New rates set for April

Posted on Feb 10 2020 in Warren County REMC
Photo of Phil High
General Manager

Warren County REMC strives to provide our members with reliable service at fair and reasonable rates. To help evaluate our rates, Warren County REMC began a study to help determine what it actually costs to serve each type of member — residential, commercial, industrial and outdoor lighting.

While everyone needs the basic power poles and power lines for electric service, other requirements vary depending on the type of member.  Like any business, we need to make sure our prices match our costs so that our rates are fair and set at a level that will allow us to provide reliable service to everyone.

With that in mind, we hired a cooperative expert, The Prime Group LLC, to conduct a cost of service study.  The study took all of the cooperative’s actual expenses for the 12 months ending Dec. 31, 2018, and adjusted these costs to reflect the costs that we know are going to change.

Adjusting historic costs for known and measurable changes provides us with a good estimate of what it will cost us to serve members in the future when the rates will actually be in effect. Then, we allocated these adjusted costs to the various classes of members as fairly as possible based on the members’ actual use patterns.

The basic principle of fairness that The Prime Group used in performing the study and in designing cooperative rates is that members should pay the costs that they impose on the system.  Designing rates that reflect the cost of providing service helps ensure members pay their fair share of the cooperative’s costs and margins, yet only have to pay for what they actually use and no more.

Additionally, it is important for a cooperative’s rates to send the right price signals to members so that they can make informed decisions regarding their energy use. Members’ use patterns have a direct impact on our cooperative’s costs, which, in turn, has a direct impact on the cooperative’s rates. 

With cost-based rates, members are provided a proper price signal which reflects both the cooperative’s costs and the results of members’ purchase decisions. Cost-based rates allow members to make informed decisions based on the actual costs that their use causes for the cooperative. When rates reflect the cost of providing service, the economics of a member’s decisions are aligned with the cooperative’s economics, thus creating greater economic and engineering efficiencies for both the cooperative and its members.

On a more pragmatic level, a cost of service study is an important analytical tool for a cooperative. A cost of service study helps to assure the management team and cooperative board that all classes of members are at least covering the cost of providing service and making some contribution to the cooperative’s margins. A cost of service study also provides the detailed cost information necessary for designing rates.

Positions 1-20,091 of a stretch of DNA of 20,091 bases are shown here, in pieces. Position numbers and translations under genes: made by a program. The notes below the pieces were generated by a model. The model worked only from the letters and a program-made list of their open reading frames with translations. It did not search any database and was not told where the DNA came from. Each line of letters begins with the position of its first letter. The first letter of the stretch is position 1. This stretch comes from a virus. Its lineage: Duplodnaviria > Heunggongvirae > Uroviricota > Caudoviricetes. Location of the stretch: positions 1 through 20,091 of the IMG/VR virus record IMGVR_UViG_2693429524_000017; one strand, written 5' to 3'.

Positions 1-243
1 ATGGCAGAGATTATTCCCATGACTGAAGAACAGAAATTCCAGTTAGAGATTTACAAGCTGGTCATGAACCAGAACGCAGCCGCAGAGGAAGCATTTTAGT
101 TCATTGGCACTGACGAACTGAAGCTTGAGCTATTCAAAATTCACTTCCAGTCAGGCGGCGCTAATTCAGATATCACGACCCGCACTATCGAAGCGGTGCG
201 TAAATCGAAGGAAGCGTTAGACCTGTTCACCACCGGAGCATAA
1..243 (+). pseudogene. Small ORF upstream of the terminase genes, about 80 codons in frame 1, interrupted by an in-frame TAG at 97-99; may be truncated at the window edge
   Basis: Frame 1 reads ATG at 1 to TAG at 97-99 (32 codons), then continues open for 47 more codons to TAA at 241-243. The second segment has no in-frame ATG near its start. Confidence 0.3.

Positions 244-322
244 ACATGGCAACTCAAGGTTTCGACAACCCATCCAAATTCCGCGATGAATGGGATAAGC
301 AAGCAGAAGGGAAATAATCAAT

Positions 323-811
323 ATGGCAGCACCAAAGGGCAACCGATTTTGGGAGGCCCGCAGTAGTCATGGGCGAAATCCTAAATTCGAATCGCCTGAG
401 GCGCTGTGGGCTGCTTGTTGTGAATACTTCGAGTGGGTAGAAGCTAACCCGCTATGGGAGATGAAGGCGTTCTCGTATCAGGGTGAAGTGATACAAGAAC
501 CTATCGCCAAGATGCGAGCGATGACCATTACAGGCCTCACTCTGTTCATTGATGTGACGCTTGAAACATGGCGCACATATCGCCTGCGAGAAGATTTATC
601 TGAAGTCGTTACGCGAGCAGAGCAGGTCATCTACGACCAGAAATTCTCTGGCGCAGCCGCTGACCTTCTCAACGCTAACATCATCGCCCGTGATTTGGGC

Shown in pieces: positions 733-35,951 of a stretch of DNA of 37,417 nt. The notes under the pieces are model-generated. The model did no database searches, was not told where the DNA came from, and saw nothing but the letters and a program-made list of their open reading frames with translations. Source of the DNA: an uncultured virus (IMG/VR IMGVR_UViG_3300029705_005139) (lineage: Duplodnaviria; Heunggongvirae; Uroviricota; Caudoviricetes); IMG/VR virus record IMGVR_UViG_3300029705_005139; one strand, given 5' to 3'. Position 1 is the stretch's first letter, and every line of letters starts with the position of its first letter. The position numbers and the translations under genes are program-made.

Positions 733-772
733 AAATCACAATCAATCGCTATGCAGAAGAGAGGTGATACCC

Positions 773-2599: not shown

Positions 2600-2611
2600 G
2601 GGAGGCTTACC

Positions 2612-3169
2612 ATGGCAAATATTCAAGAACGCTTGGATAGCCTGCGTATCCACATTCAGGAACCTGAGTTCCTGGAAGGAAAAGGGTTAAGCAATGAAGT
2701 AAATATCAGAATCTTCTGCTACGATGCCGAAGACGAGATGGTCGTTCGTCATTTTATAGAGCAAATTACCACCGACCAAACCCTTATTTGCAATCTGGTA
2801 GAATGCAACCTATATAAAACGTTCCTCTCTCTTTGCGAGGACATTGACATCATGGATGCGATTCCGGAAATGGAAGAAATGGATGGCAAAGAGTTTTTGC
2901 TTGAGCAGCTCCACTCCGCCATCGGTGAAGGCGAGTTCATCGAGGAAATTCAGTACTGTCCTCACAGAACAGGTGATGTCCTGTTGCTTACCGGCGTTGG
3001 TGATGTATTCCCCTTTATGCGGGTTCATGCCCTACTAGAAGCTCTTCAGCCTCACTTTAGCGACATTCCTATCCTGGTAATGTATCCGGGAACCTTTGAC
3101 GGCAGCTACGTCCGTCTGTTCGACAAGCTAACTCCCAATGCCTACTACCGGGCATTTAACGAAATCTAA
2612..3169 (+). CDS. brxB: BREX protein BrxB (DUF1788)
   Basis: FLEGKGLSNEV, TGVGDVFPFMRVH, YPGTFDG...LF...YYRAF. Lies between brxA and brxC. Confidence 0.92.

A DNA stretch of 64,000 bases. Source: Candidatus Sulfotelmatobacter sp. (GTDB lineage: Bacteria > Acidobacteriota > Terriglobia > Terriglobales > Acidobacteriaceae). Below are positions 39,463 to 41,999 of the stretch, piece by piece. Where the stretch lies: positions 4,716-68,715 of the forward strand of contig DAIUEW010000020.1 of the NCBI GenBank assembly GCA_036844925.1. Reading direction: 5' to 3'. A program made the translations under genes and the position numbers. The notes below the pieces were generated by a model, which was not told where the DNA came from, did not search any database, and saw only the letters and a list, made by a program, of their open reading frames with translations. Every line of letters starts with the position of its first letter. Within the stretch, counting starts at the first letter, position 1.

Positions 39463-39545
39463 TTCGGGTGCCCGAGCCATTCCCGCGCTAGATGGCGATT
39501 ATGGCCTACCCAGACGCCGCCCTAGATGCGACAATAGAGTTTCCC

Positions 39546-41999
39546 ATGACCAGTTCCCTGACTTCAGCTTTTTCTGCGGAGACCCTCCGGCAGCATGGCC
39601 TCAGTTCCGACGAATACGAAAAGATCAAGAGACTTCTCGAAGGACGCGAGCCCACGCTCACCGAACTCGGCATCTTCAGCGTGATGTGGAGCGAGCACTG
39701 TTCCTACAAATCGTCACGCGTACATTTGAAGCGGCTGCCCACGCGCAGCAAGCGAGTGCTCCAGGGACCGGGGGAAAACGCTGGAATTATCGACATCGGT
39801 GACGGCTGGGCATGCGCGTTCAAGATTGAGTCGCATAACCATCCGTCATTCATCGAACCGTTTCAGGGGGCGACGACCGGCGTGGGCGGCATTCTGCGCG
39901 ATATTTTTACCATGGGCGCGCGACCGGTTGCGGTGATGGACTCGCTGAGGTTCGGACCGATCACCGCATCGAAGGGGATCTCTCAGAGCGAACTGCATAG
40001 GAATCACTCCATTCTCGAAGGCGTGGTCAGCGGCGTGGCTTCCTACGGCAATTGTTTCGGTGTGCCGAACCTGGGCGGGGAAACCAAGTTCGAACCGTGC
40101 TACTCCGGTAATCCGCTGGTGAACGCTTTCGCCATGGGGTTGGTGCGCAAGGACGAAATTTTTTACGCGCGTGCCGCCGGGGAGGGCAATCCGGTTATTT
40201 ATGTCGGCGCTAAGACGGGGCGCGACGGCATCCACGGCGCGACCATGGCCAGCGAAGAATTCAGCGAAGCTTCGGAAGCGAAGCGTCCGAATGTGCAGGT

With this in mind, the cost of service study looks at the prices the cooperative charges for each type of service that it provides to see if the prices charged match the cost of providing that service. The good news is that our current rates are close to cost-based rates and do not need to be changed very much.

Currently, Warren County REMC assesses a fixed monthly member service charge of $33 per meter for residential service. The board adopted a $1 increase to the fixed monthly residential member service charge. 

This member service charge recovers the cost of the minimum set of equipment that the cooperative needs to have in place for any member to access the electric grid. This minimum set of equipment, or minimum system, is composed of the meter, the service drop from the transformer to the meter, the transformer, and some minimum-sized wire and poles extending from the transformer to the distribution substation that is necessary to provide a member with access to the electric grid.

Each member needs at least the minimum system to receive service from Warren County REMC. Many members need more equipment in place than this minimum system in order to receive adequate service. The cost of this equipment above the minimum is related to the member’s use level and is recovered through the energy charge of 11.64 cents (currently 11.32 cents) per kWh or kilowatt-hour.

With the fixed cost of providing a minimum set of distribution equipment to each member recovered through the fixed monthly member service charge, the energy that we purchase to supply our members is passed straight through the energy charge per kWh with no markup. Whatever it costs us to buy the power is passed through to our members. Recovering our fixed costs and margins through the fixed monthly member charge allows us to work aggressively on energy efficiency with our members with no negative financial impact on the cooperative.

We have also developed time-of-use rates with an on-peak period of 4 to 8 p.m., Monday through Friday, with all other hours of the year being off-peak.  Thus, about 17.8% of the hours during a year are on-peak, while about 82.2% of the hours during the year are off-peak.  The on-peak rate is 26.08 cents (currently 24.7 cents) per kWh and the off-peak rate is 8.035 cents (currently 7.975 cents) per kWh.

With the flat energy charge of 11.64 cents (currently 11.32 cents) per kWh, the only way members can reduce their usage is to use less kWh, while with the on-peak off-peak rates, members can reduce their energy bills by shifting use from on-peak to off-peak periods. The Warren County REMC board approved time-of-use rates because it wanted to provide members with as much opportunity as possible to manage their energy bills. 

We believe that the new rates are fair, accurately reflect our cost of serving our members, and provide the cooperative with the continued financial stability necessary to provide safe, reliable service. The new rates go into effect April 1.